December 05 2016
The Federal Circuit in In re NuVasive(1) found that, in an inter partes review proceeding, the Patent Trial and Appeal Board (PTAB) violated a patentee's rights under the Administrative Procedure Act by cancelling patent claims based on a portion of a prior art reference that was not specifically identified in the inter partes review petition, and by denying the patentee the opportunity to address that portion of the reference substantively. The Federal Circuit vacated the cancellation of the claims and remanded the matter to the PTAB.
In two separate inter partes review proceedings – 2013-507 and 2013-508 – petitioner Medtronic challenged several claims in patentee NuVasive's US Patent 8,187,334. The patent's claims are directed to a spinal fusion implant having a length greater than 40mm and at least 2.5 times its width. The PTAB cancelled all but one of the claims, finding them obvious based on combinations of prior art references, including "Figure 18" from a prior art Michaelson patent. In both inter partes review petitions, Medtronic set forth combinations of prior art references including Michaelson. In its 507 petition, Medtronic also cited text from Michaelson discussing Figure 18. However, Medtronic did not specifically mention Figure 18 in its 508 petition. Instead, Medtronic first mentioned Figure 18 in its 508 reply – after NuVasive had filed its patent owner response – to argue that Figure 18 disclosed an implant whose length was greater than 40mm and at least 2.5 times its width.
NuVasive tried, unsuccessfully, to move the PTAB either to strike Medtronic's new Figure 18 argument or to allow NuVasive to respond to that argument in a surreply. NuVasive also tried to address Figure 18 substantively at oral argument, but the PTAB refused to allow it to do so. In the 508 inter partes review the PTAB proceeded to find all but one of the challenged claims obvious, crediting Medtronic's argument that Figure 18 disclosed an implant with a length greater than 40mm and at least 2.5 times its width.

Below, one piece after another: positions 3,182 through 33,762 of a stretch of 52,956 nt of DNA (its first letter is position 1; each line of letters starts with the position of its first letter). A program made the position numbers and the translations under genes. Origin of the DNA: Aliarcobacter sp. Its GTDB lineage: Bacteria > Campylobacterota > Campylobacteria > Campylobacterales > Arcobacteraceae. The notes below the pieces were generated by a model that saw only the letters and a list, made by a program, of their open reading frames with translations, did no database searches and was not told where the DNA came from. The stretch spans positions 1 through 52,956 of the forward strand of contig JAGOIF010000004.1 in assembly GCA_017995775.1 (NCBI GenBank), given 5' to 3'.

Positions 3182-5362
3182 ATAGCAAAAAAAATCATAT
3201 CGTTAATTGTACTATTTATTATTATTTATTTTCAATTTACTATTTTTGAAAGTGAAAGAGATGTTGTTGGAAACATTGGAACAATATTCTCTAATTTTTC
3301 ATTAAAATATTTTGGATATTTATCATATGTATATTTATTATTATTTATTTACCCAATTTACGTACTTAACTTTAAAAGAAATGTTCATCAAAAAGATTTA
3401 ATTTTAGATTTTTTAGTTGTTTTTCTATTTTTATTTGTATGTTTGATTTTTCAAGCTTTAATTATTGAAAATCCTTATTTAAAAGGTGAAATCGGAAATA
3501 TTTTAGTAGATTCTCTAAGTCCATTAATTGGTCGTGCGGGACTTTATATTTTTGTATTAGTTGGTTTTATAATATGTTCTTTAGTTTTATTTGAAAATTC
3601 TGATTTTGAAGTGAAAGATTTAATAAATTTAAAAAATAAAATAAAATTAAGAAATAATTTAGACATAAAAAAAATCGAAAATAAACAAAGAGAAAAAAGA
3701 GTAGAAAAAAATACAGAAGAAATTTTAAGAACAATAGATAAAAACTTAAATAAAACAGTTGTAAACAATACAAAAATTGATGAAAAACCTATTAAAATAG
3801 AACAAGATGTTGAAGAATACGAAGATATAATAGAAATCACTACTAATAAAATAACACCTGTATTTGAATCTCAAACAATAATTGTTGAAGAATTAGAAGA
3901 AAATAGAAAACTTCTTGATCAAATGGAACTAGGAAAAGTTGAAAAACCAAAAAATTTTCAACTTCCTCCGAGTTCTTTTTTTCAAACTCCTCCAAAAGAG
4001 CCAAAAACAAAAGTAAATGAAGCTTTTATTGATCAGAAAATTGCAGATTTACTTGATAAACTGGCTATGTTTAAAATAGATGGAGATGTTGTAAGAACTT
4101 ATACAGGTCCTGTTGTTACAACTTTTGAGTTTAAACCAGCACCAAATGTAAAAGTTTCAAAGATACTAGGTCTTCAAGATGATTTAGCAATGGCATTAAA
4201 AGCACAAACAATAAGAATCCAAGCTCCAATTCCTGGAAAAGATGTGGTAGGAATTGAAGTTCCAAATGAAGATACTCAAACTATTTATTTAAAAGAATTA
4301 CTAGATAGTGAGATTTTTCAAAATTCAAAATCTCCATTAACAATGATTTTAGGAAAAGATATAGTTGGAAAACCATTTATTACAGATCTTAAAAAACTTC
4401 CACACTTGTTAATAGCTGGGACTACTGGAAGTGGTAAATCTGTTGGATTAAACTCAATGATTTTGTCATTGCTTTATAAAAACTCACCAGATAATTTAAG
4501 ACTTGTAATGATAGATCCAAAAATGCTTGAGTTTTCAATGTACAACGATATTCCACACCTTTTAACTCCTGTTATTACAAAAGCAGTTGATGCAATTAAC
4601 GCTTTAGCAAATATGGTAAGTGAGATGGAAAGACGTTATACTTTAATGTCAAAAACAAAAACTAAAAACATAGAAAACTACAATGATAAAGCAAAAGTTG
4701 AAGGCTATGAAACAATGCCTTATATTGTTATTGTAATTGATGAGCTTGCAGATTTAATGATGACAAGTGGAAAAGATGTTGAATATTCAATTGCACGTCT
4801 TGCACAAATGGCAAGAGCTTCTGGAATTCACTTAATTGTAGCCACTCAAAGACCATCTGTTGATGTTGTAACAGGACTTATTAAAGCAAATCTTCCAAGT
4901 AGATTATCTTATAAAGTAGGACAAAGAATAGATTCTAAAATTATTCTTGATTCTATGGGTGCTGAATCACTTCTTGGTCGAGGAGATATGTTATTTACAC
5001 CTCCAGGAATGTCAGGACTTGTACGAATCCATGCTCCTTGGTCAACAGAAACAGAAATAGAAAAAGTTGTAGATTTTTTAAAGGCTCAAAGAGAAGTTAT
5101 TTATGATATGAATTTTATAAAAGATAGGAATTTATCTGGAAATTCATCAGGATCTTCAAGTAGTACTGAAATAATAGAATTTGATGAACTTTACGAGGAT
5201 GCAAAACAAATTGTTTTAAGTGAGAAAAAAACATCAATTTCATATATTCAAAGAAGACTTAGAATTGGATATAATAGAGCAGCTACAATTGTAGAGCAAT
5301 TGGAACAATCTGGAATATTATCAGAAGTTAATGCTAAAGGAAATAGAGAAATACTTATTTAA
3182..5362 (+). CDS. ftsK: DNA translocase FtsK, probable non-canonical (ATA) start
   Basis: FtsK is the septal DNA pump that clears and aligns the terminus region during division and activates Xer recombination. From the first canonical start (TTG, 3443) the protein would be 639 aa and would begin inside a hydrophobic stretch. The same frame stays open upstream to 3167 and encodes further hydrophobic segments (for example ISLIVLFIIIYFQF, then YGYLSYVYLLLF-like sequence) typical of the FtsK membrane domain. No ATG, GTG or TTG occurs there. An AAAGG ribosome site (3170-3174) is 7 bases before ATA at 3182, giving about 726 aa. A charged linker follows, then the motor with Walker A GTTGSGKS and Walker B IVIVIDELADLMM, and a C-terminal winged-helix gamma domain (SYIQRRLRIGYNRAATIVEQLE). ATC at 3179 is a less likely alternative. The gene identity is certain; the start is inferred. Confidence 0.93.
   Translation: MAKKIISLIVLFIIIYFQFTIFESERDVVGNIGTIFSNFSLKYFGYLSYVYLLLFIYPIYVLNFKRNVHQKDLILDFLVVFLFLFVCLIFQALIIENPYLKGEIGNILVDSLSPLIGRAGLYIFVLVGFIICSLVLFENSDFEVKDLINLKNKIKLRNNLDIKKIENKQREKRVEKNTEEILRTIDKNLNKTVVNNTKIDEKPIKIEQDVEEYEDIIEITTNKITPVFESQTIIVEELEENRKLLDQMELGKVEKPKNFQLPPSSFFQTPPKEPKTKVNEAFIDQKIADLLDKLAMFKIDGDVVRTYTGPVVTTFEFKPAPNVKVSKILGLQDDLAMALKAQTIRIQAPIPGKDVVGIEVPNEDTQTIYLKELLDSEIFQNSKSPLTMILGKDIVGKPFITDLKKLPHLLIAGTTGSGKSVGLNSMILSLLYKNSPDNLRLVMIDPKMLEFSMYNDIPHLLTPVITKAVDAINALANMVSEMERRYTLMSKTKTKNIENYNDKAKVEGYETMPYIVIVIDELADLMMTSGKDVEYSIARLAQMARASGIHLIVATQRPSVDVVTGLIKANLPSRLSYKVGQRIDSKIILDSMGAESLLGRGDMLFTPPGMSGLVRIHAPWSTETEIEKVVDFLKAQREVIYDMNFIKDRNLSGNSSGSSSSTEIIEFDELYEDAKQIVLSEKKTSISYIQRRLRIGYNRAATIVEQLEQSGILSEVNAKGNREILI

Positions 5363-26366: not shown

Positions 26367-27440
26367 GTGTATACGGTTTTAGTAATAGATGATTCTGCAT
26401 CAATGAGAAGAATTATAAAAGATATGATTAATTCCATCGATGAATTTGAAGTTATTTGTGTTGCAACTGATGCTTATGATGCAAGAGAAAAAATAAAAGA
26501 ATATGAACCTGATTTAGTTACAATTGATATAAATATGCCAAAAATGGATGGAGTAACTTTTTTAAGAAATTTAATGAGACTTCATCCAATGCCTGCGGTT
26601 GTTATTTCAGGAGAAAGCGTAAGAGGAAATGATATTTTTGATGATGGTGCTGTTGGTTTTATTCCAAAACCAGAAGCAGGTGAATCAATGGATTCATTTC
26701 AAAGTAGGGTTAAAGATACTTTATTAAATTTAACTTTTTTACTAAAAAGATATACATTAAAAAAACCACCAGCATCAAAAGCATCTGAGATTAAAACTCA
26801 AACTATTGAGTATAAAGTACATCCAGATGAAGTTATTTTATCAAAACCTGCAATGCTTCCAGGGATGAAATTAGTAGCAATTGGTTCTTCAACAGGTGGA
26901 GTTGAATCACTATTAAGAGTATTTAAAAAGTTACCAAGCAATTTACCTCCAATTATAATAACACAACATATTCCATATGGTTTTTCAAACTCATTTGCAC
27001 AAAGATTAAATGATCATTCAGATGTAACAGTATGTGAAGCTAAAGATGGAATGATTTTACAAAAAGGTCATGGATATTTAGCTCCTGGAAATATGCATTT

On appeal, the Federal Circuit noted that in inter partes review proceedings the PTAB is "not limited to citing only portions of the prior art specifically drawn to its attention" and can make fact findings based on other art that "merely reinforce the meaning of another prior-art disclosure". The Federal Circuit also noted that NuVasive had adequate notice of Figure 18 in the 507 inter partes review, based on the citation in Medtronic's 507 petition of text from Michaelson discussing Figure 18.
Nevertheless, the Federal Circuit held that the PTAB did not provide NuVasive with adequate notice or the opportunity to respond to Figure 18 in the 508 inter partes review, and that notice from the 507 inter partes review did not remedy the inadequacy, given that the PTAB treated the inter partes reviews as "separate, distinct proceeding[s]" based on "different mixes of prior art". The Federal Circuit also held that the PTAB's findings based on Figure 18 were not merely reinforcing of other prior art disclosures. Instead, the Federal Circuit observed that Figure 18 was "essential" to the PTAB's obviousness decision because it was the only prior art disclosure relied upon by the PTAB for the "greater than 40 mm" and "at least 2.5 times its width" claim elements. The Federal Circuit further held that the opportunity for NuVasive – after receiving Medtronic's reply – to cross-examine Medtronic's expert on Figure 18 and to file observations on the cross-examination were not "a substitute for the opportunity to present arguments and evidence" affirmatively in response to Figure 18.
The Federal Circuit concluded that the PTAB had committed a procedural violation by denying NuVasive a full opportunity to respond to Figure 18 in the 508 inter partes review using additional evidence and arguments. The Federal Circuit thus vacated the PTAB's decision in the 508 inter partes review and remanded the matter to the PTAB.
For further information on this topic please contact Christopher E Loh at Fitzpatrick, Cella, Harper & Scinto by telephone (+1 212 218 2100) or email (email@example.com). The Fitzpatrick, Cella, Harper & Scinto website can be accessed at www.fitzpatrickcella.com.
The materials contained on this website are for general information purposes only and are subject to the disclaimer.
ILO is a premium online legal update service for major companies and law firms worldwide. In-house corporate counsel and other users of legal services, as well as law firm partners, qualify for a free subscription.